I have a friend who is constantly calling me up to get my “take on the male point of view” regarding various situations she gets into with men, which I usually sense to be her misinterpretations of “signals” on their part. What she really wants to me to do is to somehow decree that a guy is interested in her based on her relating of the minutiae of some interaction she has with them. Essentially, she wants me to co-sign her willful misinterpretation of signals. It drives me crazy as she goes on and on analyzing all of the endless possible permutations of meanings that she can come up with, and then says, “So don’t you think that could mean he kind of likes me?”

But just to show that this kind of thing is studied very seriously–and at the risk being unbearably digressive–I’ll post a link of an academic view of misinterpreted signals, known as “crosstalk”…

Of course, when asking someone on a date can consist of utterances such as, “So, like, maybe we should hang out sometime,” I can see that the field is ripe for study.

Well . . . I must admit “you wanna come over to my place and watch a video” might have been misinterpreted on my part as well . . . based on historical experience if nothing else :wink:

God, yes. Just because I’m nice to you, doesn’t mean I want to have sex with you. It just means I’m being nice to you. My own misinterpretations are usually due to overthinking other people’s signals. Ironically, I’m overthinking them specifically because I don’t want to misinterpret them.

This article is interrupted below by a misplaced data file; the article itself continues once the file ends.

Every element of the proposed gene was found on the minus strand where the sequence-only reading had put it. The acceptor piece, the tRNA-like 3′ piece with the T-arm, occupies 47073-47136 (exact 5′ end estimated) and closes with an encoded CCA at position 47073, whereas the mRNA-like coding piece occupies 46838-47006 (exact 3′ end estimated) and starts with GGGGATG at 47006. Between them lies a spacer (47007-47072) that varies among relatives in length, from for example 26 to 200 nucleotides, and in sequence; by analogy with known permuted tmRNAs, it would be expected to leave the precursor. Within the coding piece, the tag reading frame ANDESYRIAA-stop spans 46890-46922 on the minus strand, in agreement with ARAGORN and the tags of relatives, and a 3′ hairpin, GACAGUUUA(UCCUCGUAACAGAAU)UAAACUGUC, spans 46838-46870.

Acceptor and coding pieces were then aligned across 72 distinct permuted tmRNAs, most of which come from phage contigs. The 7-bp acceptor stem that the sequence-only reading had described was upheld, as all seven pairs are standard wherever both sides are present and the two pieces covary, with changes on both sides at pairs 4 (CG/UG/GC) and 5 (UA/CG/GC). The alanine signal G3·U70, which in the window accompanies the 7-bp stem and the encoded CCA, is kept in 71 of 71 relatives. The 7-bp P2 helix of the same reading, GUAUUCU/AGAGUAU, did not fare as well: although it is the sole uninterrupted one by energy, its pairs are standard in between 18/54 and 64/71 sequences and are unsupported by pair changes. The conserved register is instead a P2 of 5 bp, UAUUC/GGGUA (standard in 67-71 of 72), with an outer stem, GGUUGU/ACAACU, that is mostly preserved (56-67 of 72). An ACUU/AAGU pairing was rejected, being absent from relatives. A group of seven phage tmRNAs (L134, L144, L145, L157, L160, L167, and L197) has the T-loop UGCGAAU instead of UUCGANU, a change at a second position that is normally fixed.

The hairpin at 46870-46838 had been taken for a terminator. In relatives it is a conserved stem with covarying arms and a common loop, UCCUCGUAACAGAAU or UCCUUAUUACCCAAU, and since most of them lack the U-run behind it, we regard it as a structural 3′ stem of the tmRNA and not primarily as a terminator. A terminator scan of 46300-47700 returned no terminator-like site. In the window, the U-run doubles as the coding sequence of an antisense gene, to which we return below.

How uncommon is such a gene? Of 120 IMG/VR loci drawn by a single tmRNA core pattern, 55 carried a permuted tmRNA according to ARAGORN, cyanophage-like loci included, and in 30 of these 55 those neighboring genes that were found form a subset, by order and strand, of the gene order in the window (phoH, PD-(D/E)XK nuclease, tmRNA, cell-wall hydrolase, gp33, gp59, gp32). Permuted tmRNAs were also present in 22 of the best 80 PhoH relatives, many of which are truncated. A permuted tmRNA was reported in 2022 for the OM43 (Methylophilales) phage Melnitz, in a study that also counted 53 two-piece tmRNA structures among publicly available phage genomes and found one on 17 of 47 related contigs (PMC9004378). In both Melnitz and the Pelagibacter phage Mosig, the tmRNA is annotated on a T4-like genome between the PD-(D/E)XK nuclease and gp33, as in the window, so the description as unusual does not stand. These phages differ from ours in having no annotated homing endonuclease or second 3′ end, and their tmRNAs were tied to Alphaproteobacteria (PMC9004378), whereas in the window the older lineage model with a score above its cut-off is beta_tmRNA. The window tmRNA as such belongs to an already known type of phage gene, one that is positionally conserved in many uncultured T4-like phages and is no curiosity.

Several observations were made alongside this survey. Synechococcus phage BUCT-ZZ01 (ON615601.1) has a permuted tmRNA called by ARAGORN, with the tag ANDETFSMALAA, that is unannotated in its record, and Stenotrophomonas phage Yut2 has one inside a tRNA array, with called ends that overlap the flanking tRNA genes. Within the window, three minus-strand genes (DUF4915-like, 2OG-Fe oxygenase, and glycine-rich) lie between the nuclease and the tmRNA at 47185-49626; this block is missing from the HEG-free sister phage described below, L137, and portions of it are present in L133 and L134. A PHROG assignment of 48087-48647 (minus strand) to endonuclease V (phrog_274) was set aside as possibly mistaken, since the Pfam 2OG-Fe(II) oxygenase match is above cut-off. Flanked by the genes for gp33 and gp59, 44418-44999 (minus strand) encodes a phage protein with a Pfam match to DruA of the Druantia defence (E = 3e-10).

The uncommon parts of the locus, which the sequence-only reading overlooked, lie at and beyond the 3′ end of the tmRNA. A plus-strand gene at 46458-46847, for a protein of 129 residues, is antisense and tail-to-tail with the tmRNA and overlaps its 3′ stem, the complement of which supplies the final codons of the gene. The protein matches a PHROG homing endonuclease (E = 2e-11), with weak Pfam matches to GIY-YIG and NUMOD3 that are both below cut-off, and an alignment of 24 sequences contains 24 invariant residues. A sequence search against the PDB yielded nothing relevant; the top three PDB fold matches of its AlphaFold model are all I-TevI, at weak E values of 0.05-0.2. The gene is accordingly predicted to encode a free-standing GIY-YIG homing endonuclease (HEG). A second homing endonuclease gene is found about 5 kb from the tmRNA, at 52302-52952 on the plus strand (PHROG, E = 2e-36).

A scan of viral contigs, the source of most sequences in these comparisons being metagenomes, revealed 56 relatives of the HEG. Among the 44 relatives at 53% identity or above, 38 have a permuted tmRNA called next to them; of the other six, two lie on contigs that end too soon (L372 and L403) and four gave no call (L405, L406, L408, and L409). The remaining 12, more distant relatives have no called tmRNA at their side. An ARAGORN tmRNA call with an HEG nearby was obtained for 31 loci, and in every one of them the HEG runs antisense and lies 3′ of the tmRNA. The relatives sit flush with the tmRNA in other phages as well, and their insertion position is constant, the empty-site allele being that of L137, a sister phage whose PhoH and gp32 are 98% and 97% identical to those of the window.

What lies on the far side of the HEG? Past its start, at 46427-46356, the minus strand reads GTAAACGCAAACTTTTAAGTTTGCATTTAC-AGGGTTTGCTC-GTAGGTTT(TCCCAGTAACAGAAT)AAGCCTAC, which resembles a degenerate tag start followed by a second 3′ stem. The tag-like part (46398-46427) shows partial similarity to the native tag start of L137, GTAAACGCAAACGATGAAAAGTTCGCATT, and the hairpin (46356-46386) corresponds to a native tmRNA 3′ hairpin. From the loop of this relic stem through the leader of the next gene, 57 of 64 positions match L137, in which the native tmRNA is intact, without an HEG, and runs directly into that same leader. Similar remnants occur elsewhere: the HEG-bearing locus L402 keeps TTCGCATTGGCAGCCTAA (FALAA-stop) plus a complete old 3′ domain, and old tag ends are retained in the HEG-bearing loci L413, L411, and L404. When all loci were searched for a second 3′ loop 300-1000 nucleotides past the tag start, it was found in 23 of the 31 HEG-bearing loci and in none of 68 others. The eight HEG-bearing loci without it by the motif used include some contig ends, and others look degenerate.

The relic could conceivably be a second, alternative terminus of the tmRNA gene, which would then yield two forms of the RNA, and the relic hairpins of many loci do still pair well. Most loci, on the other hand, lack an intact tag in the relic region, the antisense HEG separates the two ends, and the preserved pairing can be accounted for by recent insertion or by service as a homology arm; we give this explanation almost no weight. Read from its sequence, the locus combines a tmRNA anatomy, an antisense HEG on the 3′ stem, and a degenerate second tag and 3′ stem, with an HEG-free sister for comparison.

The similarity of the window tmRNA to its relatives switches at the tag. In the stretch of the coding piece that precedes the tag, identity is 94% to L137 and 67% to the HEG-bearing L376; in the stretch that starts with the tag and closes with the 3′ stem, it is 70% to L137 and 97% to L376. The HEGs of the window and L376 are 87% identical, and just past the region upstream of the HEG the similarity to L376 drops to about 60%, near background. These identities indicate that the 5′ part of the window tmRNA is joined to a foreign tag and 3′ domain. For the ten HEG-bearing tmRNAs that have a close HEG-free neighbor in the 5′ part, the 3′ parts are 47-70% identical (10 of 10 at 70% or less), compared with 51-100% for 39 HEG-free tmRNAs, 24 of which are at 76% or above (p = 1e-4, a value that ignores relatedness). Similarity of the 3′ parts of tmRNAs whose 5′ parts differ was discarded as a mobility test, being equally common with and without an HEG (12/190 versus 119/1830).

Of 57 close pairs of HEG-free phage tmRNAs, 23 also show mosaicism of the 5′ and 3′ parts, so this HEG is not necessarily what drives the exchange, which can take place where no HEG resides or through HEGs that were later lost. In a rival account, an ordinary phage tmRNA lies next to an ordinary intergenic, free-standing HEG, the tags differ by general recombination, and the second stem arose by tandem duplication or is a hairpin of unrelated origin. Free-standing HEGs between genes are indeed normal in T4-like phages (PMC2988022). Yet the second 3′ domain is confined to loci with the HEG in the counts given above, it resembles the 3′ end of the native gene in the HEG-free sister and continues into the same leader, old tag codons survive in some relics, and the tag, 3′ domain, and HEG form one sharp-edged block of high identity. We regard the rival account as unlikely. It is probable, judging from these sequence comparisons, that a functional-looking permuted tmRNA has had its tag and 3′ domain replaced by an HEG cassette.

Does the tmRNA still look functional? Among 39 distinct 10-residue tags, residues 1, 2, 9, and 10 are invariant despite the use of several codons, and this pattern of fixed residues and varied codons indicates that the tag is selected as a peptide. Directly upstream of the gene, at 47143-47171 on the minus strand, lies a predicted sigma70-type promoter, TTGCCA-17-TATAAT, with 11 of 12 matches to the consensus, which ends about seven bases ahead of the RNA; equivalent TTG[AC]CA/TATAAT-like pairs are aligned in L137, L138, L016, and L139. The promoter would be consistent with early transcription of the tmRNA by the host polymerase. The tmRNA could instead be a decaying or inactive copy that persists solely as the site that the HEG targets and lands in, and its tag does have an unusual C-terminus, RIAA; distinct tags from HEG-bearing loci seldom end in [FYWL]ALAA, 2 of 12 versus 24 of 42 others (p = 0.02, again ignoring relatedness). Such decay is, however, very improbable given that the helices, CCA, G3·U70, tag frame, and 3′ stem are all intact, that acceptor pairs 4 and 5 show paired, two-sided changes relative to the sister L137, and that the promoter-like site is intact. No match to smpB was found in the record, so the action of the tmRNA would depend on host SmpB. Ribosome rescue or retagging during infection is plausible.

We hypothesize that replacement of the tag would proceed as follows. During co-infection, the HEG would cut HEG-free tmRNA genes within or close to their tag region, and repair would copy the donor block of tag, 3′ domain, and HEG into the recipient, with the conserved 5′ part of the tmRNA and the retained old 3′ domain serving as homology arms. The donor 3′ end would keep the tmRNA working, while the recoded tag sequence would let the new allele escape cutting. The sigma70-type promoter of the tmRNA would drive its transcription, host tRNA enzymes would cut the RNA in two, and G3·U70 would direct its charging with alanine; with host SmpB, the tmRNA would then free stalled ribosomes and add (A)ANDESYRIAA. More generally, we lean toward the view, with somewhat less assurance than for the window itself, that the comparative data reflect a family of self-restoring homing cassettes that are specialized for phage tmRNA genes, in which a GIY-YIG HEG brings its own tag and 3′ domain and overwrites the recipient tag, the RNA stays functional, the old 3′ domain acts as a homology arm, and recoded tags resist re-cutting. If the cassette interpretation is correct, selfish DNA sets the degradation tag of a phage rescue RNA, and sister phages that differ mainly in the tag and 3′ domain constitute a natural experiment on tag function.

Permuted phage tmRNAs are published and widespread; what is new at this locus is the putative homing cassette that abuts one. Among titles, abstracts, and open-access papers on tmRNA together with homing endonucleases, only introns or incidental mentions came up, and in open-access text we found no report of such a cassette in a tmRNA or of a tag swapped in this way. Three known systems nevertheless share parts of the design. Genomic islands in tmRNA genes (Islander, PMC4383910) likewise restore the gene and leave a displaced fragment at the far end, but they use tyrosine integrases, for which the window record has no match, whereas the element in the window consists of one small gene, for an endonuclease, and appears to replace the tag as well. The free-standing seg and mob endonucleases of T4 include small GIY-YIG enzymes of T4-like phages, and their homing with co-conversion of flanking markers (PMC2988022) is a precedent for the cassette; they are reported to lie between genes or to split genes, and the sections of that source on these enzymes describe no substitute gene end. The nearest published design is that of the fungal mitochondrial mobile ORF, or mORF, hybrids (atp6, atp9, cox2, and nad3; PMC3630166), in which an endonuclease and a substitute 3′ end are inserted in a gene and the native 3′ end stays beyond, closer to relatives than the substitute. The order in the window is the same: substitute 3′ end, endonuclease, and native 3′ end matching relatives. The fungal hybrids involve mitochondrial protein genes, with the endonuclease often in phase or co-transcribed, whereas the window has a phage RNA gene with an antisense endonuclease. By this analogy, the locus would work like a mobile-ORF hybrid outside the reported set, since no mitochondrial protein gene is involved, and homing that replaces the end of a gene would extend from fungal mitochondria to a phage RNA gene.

One of my more embarrassing moments in the NYC gay scene of the '70s.

I was in a bar on Christopher Street. I had had two beers. I normally don’t drink, so this amount of alcohol is something my brain wasn’t used to. There was a guy who was very much my type, and the two of us had been having a certain amount of direct eye contact. In that kind of environment significant eye contact means only one thing. So when the guy left, I followed him. He walked several blocks, and I kept my distance, even when he stopped to look in a store window. I figured it was sort of a cat-and-mouse game, not unusual in that context.

Finally, he stopped to look into another store window. My heart was beating as I continued walking and caught up with him. This is the point where normally the two guys would start some small talk before moving on to anything more meaningful. So he turned to me (my heart was racing) and said “Are you following me?” I answered, “Yes.” And he said, “Well, I wish you wouldn’t,” and he turned away and left, as I stood there like a total moron.

Whenever I read about the gay scene back in the day and all the subtle stuff like eye contact and all, I wonder…how do you know? I mean, how did they keep it from turning into a situation like the one that happened to you?

Normally, you just knew. After all, you would know that everyone in the bar was gay, and significant eye contact meant the guy was interested. My guess is that in this case, he was interested at first, but then became impatient with my hesitance. The beer caused me to follow him, but my lack of confidence resulted in my following him from a distance, and that was probably a turn-off for him. Most likely, if I had just approached him in the bar it would have turned out differently.